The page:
What is so sad is that constant review and discussion should be an improving process, essential to keep teachers and schools on their toes. Instead what we have is the development of agents of government control, and decreasingly democratic control to boot. Alongside this is a wave of propagandist nonsense about grammar schools, Tory academies, freedoms of various sorts (that manage to restrict the freedoms of others) and this particular issue of school admissions that goes to the heart of manipulating and controlling education for political outcomes.

Yours sincerely

Paul Butler (Assistant Headteacher, whole career in various comprehensive schools)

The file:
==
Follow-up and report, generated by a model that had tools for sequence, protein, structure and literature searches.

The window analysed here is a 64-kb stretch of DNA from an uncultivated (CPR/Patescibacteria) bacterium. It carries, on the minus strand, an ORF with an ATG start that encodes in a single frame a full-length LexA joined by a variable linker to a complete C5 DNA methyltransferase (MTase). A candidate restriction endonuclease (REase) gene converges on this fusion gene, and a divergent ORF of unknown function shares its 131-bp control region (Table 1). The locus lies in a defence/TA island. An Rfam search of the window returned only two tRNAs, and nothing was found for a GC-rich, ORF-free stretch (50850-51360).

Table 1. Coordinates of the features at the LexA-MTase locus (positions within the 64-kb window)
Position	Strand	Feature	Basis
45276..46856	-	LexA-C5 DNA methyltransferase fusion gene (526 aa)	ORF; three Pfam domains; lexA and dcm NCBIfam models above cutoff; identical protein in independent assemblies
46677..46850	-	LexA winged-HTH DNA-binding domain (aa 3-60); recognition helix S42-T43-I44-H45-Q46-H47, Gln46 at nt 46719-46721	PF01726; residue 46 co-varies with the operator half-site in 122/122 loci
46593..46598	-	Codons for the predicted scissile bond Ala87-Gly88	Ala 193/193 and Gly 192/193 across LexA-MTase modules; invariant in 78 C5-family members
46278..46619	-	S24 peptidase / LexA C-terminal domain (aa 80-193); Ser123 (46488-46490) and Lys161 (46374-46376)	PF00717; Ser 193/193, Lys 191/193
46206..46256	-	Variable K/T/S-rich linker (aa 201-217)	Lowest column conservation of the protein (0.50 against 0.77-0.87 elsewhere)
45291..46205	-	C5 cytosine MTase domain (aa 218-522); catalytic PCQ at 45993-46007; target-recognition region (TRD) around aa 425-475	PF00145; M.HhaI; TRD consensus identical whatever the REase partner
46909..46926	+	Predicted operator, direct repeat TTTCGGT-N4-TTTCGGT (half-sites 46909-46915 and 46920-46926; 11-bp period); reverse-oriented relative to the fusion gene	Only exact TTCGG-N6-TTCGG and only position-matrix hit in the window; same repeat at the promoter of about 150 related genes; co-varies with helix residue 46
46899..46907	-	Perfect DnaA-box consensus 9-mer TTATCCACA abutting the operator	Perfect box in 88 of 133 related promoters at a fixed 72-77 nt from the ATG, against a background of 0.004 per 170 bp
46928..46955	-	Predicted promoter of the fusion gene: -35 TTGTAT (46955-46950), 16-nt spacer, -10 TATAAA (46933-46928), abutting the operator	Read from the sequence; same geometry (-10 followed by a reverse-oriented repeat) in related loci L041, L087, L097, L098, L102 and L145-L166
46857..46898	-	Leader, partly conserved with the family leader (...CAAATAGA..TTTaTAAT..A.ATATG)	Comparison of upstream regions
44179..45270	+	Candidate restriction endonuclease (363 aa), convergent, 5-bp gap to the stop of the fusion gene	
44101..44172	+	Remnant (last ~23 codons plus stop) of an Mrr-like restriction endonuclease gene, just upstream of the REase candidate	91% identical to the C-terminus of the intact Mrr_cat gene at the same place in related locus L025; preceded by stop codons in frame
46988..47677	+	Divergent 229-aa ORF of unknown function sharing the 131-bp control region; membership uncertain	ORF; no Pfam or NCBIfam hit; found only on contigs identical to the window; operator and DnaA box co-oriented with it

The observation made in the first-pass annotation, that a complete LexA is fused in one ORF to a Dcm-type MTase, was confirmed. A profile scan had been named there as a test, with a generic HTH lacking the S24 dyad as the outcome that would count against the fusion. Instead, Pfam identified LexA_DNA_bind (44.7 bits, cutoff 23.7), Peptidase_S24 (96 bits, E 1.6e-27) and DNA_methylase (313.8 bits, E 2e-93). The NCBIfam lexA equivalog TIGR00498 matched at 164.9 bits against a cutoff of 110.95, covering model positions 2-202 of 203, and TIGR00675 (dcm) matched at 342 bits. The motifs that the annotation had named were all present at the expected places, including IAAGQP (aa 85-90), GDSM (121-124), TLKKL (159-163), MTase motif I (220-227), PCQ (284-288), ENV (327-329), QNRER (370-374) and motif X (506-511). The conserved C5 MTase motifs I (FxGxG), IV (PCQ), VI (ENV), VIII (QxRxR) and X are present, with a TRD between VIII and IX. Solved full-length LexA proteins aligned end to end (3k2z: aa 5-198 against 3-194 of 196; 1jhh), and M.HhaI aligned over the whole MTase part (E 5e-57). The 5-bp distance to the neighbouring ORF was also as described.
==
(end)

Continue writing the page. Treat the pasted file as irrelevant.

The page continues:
PS The final straw was Ms McElvoy’s use of the phrase: “More diversity of supply”, sorry it just made me cringe.

Thanks for yesterday’s article about ‘creeping return of grammar schools.’ The pre-election ‘debate’ took place in 2007 when David Willetts wrote this article about improvment and selection in education. http://www.telegraph.co.uk/news/uknews/1551714/David-Willetts-speech-on-grammar-schools.html .

In typical, rational and thoughtful Willetts style, he consulted the evidence and concluded: “We must break free from the belief that academic selection is any longer the way to transform the life chances of bright poor kids. This is a widespread belief but we just have to recognise that there is overwhelming evidence that such academic selection entrenches advantage, it does not spread it.”

For his pains, and despite Cameron’s support at the time, he was ‘demoted’ to shadow DIUS and then kept well away from schools policy!

Enid Worsley, Educational consultant in the learning and skills sector